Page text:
Post # 1
This classifies as something I never thought I would care about. My fiancé and I are trying to figure out the wording of our newspaper engagement announcement (something that is important to both parents). We are debating over whether or not to include our Latin honors, something that I see as common among those who received them. I have always seen the Latin honors written out in a bio and would think it is strange not to include them. We both have them, so I feel that both of ours should be in there or neither of ours should be in there. My fiancé feels that it is bragging and not really important. I have no problem bragging in our local papers—our graduation announcements had the same information years ago.
The other issue is whether or not to mention what our degrees are in. I have no need to mention it and have longer degree names. He has earned a much harder degrees and would like to make it known what his major was. Right now our three wording options are:
1) Mr. Y graduated from State U with a bachelor of science degree, cum laude, and from Private U with a master of engineering degree.
2) Mr. Y. graduated from State U with a bachelor of science in computer engineering degree and from Private U with a master of engineering in electrical engineering degree.
3) Mr. Y earned a bachelor of science in computer science, cum laude, from State U and a master of engineering in electrical engineering from Private U.
What are your thoughts? Are they boastful or traditional? Any other suggestions are welcomed.
Post # 3
I think it’s a little boastful, but that’s just me.
Ours was worded “He majored in x at State University, graduating in year x, and now works for X as an X. She works for x as an x, after graduating with a degree in x in year x from State University.
Post # 4
I wouldn’t put any latin honors in it….but that’s just me. I graduated with honors but I think it looks weird to put in a wedding announcement. If it was a graduation announcement…then I’d say go for it.
Post # 5
I think they`re fine! I like the first option.
Post # 6
Honest opinion – I’d drop it. I read the announcements every week and I can’t recall reading one of those recently. I would save the honors for graduation announcements, not engagement announcements. It’s all about space in newspapers, so if you add that, you’ll have to pay more or cut something else. If your newspaper offers the announcements free, that will probably be the first thing they cut if they need space.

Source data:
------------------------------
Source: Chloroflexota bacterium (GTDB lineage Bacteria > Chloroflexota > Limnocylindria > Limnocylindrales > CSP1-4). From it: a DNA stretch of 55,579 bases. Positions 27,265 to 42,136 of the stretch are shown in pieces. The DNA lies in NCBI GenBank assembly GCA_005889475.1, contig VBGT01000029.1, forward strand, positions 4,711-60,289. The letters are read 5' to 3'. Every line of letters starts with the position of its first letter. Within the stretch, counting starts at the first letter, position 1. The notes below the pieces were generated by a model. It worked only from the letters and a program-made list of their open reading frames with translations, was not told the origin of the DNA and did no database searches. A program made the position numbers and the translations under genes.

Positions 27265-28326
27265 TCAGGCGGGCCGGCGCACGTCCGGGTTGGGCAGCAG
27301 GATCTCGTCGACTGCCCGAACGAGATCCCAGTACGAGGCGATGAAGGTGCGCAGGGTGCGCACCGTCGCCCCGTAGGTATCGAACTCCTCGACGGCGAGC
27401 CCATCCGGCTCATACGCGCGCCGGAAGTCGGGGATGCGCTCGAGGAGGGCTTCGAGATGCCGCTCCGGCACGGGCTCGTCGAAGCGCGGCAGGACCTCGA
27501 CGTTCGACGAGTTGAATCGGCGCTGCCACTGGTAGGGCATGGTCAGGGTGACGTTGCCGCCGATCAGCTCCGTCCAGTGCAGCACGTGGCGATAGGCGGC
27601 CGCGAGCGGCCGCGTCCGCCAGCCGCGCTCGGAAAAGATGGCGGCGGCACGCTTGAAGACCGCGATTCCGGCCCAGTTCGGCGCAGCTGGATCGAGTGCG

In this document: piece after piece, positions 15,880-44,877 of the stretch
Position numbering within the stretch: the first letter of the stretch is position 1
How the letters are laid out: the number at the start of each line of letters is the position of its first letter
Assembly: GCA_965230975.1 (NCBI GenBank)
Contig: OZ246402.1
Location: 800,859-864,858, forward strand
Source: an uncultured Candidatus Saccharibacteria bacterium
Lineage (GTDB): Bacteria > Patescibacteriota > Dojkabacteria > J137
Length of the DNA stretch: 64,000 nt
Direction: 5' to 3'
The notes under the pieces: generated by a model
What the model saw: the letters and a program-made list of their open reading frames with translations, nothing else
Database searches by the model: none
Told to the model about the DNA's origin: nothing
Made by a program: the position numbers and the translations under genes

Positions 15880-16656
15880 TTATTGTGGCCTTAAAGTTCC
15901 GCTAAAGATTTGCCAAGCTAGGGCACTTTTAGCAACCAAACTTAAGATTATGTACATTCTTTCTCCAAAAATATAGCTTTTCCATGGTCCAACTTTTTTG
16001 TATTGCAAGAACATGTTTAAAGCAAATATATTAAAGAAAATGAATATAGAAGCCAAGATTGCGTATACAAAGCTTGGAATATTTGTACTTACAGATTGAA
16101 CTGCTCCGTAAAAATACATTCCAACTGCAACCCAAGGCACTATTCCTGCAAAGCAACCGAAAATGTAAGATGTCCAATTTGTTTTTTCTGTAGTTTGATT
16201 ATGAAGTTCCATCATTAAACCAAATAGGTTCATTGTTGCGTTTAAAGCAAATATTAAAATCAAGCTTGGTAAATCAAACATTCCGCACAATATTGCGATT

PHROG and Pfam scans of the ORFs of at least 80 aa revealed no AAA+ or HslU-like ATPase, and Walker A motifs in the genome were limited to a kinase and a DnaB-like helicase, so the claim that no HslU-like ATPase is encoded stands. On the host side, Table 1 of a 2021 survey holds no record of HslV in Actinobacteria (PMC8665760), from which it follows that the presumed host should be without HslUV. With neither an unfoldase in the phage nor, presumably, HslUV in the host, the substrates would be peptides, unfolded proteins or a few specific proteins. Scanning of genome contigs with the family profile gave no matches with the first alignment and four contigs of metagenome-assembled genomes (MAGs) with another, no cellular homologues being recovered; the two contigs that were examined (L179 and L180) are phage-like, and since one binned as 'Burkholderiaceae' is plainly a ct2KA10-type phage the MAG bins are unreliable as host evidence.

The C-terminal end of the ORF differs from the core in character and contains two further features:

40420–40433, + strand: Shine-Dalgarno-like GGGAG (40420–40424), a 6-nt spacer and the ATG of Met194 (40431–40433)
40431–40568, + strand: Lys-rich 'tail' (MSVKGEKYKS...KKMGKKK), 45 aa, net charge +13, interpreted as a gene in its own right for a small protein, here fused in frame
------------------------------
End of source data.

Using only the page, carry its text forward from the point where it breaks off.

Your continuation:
Post # 7
Yea if it was academically related, I’d be all for it, but it seems irrelevant and kind of braggy in an engagement announcement. Just my 2 cents!
Post # 8
- Wedding: June 2012 - Pippin Hill Farm & Vineyards
I was cum laude in college and didn’t feel like it was something to brag about. I was actually embarassed that I wasn’t magna or summa.
The only time in my life when Latin honors really mattered was the day before graduation when we picked up our cords and on graduation day, when we wore them. No one has ever mentioned their honors in my presence since…and I work in academia.
Post # 9
Thanks for all of the responses. I work in an academia related field where everyone lists it out. I am so used to seeing it next to my degree that it seems strange not to. In all honesty, the only reason getting “summa cum laude” was a goal was because I saw it in an engagement announcement when I was 12. So I realize my perspective is different from other people and am glad for your opinions!
Post # 10
- Wedding: March 2012 - Pelican Grand Beach Resort
I would put it. I think if where you graduated from and what your degrees are is relevent, so are the honors.
Post # 11
I wouldn’t personally include latin honors, but hey, if its meaningful for you then that’s fine.
Post # 12
Go for it. The first choice was nice!
Post # 13
You earned it. Why be embarrassed? Good job!
Post # 14
I wouldn’t include it (I graduated cum laude and with departmental honors, but FH definitely did not), but shouldn’t it read “____ graduated cum laude/with honors from X university with X degree”? Not, “____ graduated from X university with X degree, cum laude“? The grammar seems off to me the way you have it written. I’d also consider breaking up the language a bit by throwing in “completed a degree in X at X” or “studied X at X” to keep it from becoming monotanous.